The Altamira is the flagship of the Fuji range, with the Ltd version being used by pro team Geox-TMC. The 3.0 model tested here shares the same frame design, albeit with a lesser carbon fibre (the limited edition gets a high modulus fibre). On the plus side it has a much more conventional build to keep the price competitive.
The frame design is a mix of big, stiff down tube and chainstays, and svelte seatstays and top tube. Up front the head tube tapers from 1-1/8 to 1-1/2in, and the bottom bracket uses Shimano’s press-fit bearing system. The oversize down tube, big bottom bracket junction, stout head tube and excellent fork make the Fuji a bike that handles beautifully and pushes plenty of power through the pedals without drama.
This combined with the softer nature of the seatstays, top tube and seat tube creates a chassis that balances sprinter stiffness and long ride cushioning remarkably well. It's beautifully finished too. The 160mm head tube marks the Altamira as more of a racer’s machine than a sportive comfort option, but its ability to smooth out rougher rides negates the need for a more upright riding position.
While the frame and fork are real triumphs and we have no complaints about the Shimano 105 groupset (the compact 50/34T up front gives smooth changes and a decent range) there's one aspect of the Fuji that didn’t perform as well as we’d have liked – the tyres, which are basic model Vittoria Zaffiros.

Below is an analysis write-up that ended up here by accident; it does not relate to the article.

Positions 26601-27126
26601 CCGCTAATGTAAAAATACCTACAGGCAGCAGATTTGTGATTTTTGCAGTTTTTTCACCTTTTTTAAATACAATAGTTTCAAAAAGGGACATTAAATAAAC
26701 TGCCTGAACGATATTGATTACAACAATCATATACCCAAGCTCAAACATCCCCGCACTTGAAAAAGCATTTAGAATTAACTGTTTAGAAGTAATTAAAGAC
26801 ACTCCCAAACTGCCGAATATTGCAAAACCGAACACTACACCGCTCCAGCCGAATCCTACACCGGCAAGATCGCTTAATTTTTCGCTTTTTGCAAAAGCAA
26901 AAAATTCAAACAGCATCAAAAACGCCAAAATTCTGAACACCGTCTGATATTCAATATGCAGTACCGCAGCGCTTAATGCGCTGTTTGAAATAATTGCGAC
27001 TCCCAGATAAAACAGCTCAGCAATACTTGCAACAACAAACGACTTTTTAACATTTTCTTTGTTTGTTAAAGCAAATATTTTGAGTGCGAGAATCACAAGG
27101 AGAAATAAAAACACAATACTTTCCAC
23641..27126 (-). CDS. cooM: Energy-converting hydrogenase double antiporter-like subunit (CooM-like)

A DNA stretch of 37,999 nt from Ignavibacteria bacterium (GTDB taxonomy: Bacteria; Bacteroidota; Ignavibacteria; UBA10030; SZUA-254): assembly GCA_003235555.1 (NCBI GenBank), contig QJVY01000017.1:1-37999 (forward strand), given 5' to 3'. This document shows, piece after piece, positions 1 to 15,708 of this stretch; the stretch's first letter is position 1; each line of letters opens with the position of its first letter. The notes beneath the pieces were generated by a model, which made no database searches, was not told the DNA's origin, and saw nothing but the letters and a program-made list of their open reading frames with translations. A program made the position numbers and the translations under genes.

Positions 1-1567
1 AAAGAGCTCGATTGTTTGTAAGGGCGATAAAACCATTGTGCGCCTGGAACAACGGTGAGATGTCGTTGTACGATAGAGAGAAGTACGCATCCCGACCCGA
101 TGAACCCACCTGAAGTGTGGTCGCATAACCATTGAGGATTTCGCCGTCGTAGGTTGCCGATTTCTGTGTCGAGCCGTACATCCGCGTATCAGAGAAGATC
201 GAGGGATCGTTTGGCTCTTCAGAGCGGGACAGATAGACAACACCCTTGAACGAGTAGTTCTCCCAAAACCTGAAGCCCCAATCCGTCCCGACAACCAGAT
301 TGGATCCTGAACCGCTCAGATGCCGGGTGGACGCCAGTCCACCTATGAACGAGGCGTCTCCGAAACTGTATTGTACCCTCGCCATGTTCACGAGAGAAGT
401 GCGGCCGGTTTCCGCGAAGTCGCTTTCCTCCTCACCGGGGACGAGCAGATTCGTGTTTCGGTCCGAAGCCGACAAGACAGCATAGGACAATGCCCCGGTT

The slick version is acceptable but not exceptional, but this entry-level model has a slightly treaded pattern and feels squirmy under hard cornering. More importantly, grip is dramatically absent when the roads are wet and greasy.
The Oval wheels are nicely put together and have worked perfectly well, but shod with these heavy tyres they take more effort than we’d like to get up to speed, especially on the climbs. Change the tyres for something the Altamira is more worthy of and you’ll have a great bike that will revel in long rides, road racing and even fast-moving crits.